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    Jesper Jensen

    Hidden in a courtyard in Wedding, Berlin’s somewhat forgotten neighbourhood, one can find the studio of glassblower Jesper Jensen. The native Dane has been living in Berlin for over five years and is giving glassblowing a new twist with his unique technique of reducing the energy consumption of his craft. Having never really given much thought to glassblowing and how much energy this art uses, I hopped on my bike and stop by Jesper’s studio to quiz him about his work.


    My first glimpse of Jesper’s studio, situated on the second floor in a maze of courtyards, is that of huge plants and Jesper himself, leaning out of the window, having a cigarette. Once I’d made my way up the huge staircase and received a warm welcome, we get down to business.

    Who are you?
    I’m Jesper Jensen, a Berlin-based sustainable glassblower.

    What are you up to here and what made you start?
    I’m a fully trained glassblower. For my exam project at university, I tried to find a way of working with hot glass using very little resources. And that’s basically what I based this company on – the research and the things I learned from that. We make design products out of old wine bottles. My guys and I cycle around the backyards and alleys of Berlin to source bottles, which we then cut and shape into our products. We’re reusing trash – the end product is refined, but it’s all found on the street. I guess you could say that I’m trying to make nice products out of trash that other people throw out.

    Has your work with sustainable glassblowing changed any of the choices you make in your personal life?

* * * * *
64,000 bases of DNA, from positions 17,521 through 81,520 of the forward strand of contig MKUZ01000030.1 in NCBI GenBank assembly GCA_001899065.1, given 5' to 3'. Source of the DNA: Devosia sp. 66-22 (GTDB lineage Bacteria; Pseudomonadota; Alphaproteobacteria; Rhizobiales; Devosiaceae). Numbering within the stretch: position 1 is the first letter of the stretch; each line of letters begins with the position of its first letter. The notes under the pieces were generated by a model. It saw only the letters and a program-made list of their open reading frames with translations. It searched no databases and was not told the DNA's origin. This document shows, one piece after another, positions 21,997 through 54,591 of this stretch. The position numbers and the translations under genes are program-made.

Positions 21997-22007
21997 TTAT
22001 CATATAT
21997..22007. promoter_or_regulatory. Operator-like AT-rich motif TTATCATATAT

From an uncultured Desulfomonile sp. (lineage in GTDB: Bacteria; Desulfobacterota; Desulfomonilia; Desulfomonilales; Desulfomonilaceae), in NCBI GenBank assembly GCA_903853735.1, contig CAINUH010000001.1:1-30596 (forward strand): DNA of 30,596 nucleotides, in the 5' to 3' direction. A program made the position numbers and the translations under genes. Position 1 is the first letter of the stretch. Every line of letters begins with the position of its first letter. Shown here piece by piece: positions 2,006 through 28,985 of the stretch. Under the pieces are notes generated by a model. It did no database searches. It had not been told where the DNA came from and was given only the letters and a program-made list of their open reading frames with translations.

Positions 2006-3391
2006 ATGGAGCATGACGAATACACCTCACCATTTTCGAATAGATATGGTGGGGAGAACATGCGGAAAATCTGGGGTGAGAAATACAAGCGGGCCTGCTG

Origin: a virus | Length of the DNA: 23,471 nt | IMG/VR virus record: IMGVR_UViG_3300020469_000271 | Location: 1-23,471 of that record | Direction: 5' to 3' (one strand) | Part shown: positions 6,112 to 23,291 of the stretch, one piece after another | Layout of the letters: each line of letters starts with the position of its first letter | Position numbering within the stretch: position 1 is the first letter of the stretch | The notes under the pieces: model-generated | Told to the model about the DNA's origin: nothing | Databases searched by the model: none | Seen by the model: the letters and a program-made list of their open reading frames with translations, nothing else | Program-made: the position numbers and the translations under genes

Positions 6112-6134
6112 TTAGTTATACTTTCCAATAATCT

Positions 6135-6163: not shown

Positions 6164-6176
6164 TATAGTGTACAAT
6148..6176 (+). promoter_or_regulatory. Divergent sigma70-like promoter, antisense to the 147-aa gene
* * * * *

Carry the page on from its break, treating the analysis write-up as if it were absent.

I’ve always been very aware of how much energy glassblowing costs. The whole reason I got into this project was because glassblowing with the actual liquid glass is both crazy expensive to run and very bad for the environment. It consumes a huge amount of resources, constantly, and you cannot ever turn it off – you only turn it off when you have to fix it. When I started up my own studio, I was really aware of my electricity bills, so I always try to not use very much energy in all other aspects of my personal life. All the lightbulbs in here are LEDs and use very little energy, I never fly unless I have to, I recycle like a motherfucker – I try to do my best, where I can. In my studio, I use energy the equivalent of four German households. That might sound like a lot, but for a glass studio that’s actually not very much.

    How do you imagine the ideal world?
    I’d like people to start recycling and reusing more. That would be great – even if it means I don’t have glass bottles to work with anymore. I’d just find something else.

    Any last words?
    No, not really.


    Interview and images by Lilly Wolf

    More information on www.jesper-jensen.com